Penguin-Jackson-Heights-w-boy-and-Tux-feet.JPGJackson Heights, New York, February 15, 2009 - In January 2009 Wink The Penguin, who stood on a boulder at the south end of the Elm-Jack Mall, at the intersection of 75th Street and 37th Road, vanished. Chicknapping is suspected. Wink, a 22″ high bronze statue of a penguin was installed in 1995.

City officials have been notified with inquires made of the Police, Parks, and Transportation Departments by Council Member Helen Sears. But at present his whereabouts remains a mystery. 

Fliers requesting help have been posted locally.Linux-Tux-small.JPGWe also call upon the Linux collaboration, with Tux the penguin its mascot, to help secure Wink’s return. We’ve long supported that free and open source software movement and call upon the global penguin community to help determine Wink’s whereabouts by monitoring online channels. Anyone with information should email it to

Follow the search for Wink. (Commons photo courtesy voteprime.) 

Learn more about The Campaign for .nyc on our wiki pages.

Filed February 15th, 2009 under Civics

It’s a dream come true.  Anyone who has had a passion or solution to a problem lives for the day when his / her ideas are being adopted.  It’s an indescribable thrill to have those ideas be a crucial part of City Council Speaker Christine Quinn’s State of the City address on Feb 12, 2009!  As you can see from all the content on this website putting a city on the Internet is a big job that Tom and the staff at have been tackling for almost a decade.  We’ve been going to civic meetings and bring the ideas we’ve culled to the technology organizations that are anxious to use their skills for the love of NYC. This is an exciting moment in technology and city history!


Filed February 13th, 2009 under Hannah Kopelman, City Council, City-TLDs


­­New York, ­­­­­City-Hall.JPGFebruary 12, 2009 - City Council Speaker Christine Quinn announced today that New York City will seek the acquisition of the .nyc TLD.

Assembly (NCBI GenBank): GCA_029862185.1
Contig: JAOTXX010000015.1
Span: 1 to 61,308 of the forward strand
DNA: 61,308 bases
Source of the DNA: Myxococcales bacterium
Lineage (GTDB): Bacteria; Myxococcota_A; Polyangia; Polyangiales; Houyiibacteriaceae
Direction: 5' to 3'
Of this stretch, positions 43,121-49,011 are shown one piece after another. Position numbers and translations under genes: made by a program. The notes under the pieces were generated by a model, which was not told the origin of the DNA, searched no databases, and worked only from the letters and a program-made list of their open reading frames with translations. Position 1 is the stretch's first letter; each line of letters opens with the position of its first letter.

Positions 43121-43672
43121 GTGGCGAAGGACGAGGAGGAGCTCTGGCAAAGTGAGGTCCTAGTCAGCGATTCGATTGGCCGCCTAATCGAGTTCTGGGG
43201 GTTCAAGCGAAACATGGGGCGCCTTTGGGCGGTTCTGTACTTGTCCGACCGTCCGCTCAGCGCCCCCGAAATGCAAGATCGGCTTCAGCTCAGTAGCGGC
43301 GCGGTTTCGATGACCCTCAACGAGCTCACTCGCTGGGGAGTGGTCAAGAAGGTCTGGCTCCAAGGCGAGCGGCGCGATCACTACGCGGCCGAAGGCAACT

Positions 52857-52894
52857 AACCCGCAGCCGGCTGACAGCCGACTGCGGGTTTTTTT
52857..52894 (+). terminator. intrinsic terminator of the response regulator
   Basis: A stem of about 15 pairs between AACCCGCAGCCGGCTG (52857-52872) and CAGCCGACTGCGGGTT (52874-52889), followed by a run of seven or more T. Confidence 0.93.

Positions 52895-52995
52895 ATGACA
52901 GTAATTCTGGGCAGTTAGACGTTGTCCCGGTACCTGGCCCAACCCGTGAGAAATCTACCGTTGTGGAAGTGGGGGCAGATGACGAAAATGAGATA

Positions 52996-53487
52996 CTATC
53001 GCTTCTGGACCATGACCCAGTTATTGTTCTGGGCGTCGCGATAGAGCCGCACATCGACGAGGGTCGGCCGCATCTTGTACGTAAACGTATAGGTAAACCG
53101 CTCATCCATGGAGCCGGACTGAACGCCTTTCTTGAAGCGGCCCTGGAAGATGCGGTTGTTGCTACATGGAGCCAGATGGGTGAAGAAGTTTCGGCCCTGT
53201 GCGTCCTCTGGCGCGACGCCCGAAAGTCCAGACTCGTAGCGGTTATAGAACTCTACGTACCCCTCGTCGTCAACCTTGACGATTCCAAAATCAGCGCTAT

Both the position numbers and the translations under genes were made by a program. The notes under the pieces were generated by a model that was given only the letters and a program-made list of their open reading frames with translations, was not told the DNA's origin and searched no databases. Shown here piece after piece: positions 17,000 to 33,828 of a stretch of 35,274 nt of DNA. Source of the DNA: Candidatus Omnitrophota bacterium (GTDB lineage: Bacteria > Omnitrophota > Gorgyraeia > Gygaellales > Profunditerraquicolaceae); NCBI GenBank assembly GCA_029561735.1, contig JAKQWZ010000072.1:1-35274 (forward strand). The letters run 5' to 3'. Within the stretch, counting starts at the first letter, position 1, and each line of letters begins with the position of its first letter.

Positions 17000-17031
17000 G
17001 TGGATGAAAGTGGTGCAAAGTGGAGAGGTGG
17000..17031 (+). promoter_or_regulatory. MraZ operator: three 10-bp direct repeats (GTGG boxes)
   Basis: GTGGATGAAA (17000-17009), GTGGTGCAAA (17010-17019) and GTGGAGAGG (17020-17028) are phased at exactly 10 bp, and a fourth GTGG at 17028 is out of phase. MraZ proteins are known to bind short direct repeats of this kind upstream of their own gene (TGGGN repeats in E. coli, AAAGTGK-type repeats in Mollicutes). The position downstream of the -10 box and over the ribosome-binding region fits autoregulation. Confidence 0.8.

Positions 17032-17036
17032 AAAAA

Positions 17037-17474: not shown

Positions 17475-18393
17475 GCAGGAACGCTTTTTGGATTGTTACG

Speaker Quinn said:

While we look to cut spending, we’ll keep our eyes open for any new sources of revenue. Here’s one that’s been right in front of us for years. Web sites end with dot com, dot org, dot this and dot that.

Thanks to the leadership of Council Member Gale Brewer and Deputy Mayor Bob Leiber, New York City will soon have its own place on the web – with dot NYC.


Mark Twain famously advised “Buy land, they’re not making it anymore.” Well now we can make more New York addresses – just on the internet! A local business won’t have to outbid a guy in Kansas to get Tony’s Pizza dot com. They’ll be able to get Tony’s Pizza dot NYC, a name associated with the greatest city – and home of the greatest pizza – in the world.

Most importantly, we expect to generate millions of dollars a year through the sale of web addresses ending in dot NYC.  ­(See the full speech here.) ­

While we’re delighted that the city has come aboard, t­he Speaker’s first and last sentences are somewhat troubling and we are watching out that Manhattan is not again sold for a few beads. Easy to imagine in these troubled economic times.­

Our latest initiative on a civic opportunity e­nabled by a thoughtfully developed .nyc is entitled Traditional Neighborhood Names. Take a look.

We look forward to continuing our work with the city council and administration to assure that the .nyc TLD is developed in the public interest, availing ourselves of short term opportunities while providing for the long term needs of our city.

For those new to the issue, we suggest reading Toward City-TLDs in the Public Interest for some overview. And if you have thoughts or questions, enter them here or through our wiki.   

Learn more about The Campaign for .nyc on our wiki pages.­­